Stream Monitoring on the Norman Borlaug Farm

Published Feb 2, 1999

How does a person determine whether a stream ecosystem on their land is healthy, and how can you recognize the impacts your farming practices have on a stream’s natural processes? Those were questions I had a couple of years ago, as a circumstance arose on the boyhood home farm of Nobel Peace Prize recipient Norman Borlaug. That farm had 25 acres of stream pasture that had been continuously grazed until 1987 by a previous renter’s beef cow herd. The pasture then was not grazed until I had the opportunity to graze my beef cow herd there in the summer of 1997.

The farm, which adjoins mine, is now owned by the Iowa Natural Heritage Foundation. I have rented parts of it from them for several years. Kyle Swanson, their land stewardship director, has been very knowledgeable and helpful, working with me on a long-range land use plan while keeping my goals in mind. The cropland that had been in continuous row crops for many years is being planted to either native grasses and forbs or to a grass-based crop rotation using organic practices.

Prior to grazing the field, I wanted to collect a baseline of information so I could tell if grazing had any negative or beneficial impacts on stream health. Just as I was asking myself “How do I collect that information?” the Land Stewardship Project in Minnesota asked me if I would evaluate their new guide to on-farm monitoring, the Monitoring Toolbox. The guide has chapters on monitoring quality of life, finances, birds, frogs and toads, soil, and streams.

The section on streams clearly and simply describes ways to collect baseline stream data. One of the first things I did was to collect samples of the stream bottom organisms. The organisms collected are classed in groups according to how pollution-tolerant they are. For example, group 1 consists of pollution-sensitive organisms found only in good quality water (stonefly and caddisfly larvae are two). Group 2 organisms are found in good-to-fair quality water (crayfish, clams, damselfly and dragonfly larvae, for instance). Group 3 organisms can be found in any quality of water (leeches, snails and aquatic worms are examples).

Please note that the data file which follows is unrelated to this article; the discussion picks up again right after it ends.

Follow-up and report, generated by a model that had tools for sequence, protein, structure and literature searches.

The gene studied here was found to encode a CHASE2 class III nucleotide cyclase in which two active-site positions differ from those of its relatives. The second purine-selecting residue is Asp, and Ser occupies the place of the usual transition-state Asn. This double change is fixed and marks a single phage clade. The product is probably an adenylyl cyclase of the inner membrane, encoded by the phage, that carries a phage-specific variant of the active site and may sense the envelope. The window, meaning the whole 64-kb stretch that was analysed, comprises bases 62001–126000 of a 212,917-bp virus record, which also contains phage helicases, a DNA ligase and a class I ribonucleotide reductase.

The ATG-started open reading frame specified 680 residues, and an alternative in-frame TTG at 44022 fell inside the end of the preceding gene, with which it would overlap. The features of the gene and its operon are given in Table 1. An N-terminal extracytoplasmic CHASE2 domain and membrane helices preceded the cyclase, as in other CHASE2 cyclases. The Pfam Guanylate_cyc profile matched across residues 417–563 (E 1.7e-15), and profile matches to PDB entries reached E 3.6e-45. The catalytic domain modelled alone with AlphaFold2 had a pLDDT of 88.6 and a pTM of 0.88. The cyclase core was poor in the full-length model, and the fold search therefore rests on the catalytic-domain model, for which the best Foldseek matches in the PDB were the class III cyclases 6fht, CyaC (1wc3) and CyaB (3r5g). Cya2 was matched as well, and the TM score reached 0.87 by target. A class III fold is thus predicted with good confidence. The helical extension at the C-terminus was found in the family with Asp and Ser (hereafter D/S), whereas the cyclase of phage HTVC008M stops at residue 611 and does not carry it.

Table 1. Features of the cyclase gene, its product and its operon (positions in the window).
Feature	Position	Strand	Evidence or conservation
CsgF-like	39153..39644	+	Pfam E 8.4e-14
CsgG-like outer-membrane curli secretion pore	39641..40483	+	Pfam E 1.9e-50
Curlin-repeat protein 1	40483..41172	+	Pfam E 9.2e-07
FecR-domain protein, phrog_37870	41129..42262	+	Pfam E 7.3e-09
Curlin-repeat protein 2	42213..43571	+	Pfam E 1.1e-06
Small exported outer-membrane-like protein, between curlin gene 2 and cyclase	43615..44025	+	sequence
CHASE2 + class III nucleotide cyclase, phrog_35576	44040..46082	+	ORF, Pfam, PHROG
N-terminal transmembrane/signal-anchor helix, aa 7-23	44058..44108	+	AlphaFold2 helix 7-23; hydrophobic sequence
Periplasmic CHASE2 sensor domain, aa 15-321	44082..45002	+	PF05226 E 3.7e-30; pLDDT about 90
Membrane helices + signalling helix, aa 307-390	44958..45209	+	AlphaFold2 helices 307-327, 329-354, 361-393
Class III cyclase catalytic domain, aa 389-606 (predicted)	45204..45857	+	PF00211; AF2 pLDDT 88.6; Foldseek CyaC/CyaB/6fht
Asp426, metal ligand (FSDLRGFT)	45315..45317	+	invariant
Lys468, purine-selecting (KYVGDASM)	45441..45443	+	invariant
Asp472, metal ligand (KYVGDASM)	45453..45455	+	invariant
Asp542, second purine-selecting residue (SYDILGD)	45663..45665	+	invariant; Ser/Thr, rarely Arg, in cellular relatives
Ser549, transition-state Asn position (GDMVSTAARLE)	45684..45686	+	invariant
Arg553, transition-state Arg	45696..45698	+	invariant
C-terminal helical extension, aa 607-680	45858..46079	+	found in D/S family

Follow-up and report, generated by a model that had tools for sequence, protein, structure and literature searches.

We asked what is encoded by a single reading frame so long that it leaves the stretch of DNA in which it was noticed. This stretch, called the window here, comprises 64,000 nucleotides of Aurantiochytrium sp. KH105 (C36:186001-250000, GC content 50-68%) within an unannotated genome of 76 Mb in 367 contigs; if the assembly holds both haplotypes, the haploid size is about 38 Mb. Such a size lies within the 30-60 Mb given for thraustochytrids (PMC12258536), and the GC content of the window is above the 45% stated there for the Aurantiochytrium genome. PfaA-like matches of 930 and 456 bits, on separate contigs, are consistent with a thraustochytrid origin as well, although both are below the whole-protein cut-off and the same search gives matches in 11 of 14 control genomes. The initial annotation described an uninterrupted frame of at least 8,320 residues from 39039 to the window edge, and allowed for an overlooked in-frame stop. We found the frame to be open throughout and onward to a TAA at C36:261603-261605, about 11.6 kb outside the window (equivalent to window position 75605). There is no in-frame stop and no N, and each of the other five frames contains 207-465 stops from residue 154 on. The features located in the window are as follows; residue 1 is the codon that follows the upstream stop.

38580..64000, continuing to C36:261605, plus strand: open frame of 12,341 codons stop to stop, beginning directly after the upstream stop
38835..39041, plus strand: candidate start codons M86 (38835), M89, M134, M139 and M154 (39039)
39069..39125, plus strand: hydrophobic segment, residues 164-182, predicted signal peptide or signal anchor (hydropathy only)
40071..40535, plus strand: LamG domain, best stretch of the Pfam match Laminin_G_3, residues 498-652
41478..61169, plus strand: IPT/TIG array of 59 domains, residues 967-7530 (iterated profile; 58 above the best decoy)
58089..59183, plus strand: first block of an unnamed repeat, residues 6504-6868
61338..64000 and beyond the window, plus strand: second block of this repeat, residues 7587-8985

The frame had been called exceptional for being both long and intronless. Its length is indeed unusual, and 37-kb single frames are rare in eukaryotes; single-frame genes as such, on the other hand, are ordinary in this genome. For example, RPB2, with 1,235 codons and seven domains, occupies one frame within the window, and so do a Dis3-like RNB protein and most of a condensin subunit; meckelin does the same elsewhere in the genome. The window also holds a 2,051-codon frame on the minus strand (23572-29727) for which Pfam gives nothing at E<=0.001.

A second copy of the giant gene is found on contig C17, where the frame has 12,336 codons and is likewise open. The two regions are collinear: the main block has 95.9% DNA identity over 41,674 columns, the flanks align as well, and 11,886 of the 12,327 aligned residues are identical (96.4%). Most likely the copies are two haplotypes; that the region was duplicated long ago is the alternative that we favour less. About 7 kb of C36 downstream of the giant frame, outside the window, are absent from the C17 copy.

I found examples of all three groups in the stream. Having this range of types indicates good stream health. I marked all sample areas and took photos for later reference. Monitoring will also include measuring streambank angle, percent of exposed soil, and stream width-to-depth ratio.

In the pasture, areas of native grasses and forbs were burned in the spring to stimulate growth and reduce competition. I will manage the pasture for native vegetation. This pasture includes fens, areas of wet, peat-like soil that support rare plants like the fringed gentian. I fenced the fens to prevent grazing. Other areas were fenced to protect the nests of grassland birds and build up grass fuel to be burned next spring.

I believe grazing management needs to be at a higher level in this kind of pasture. The cow herd should be regulated day-to-day according to what you see taking place on the land and in the water. A balance needs to be found between continuous overgrazing, which leads to stream degradation, and no grazing at all. Total lack of grazing can lead to exposed and collapsing streambanks or excess tree and brush growth with little understory vegetation to protect exposed soil.

A stream is only as healthy as the watershed that it is in. Farming and forestry practices upstream affect its overall health, but when the stream passes through our farms, we are responsible for the continuing stewardship of this vital element, clean water.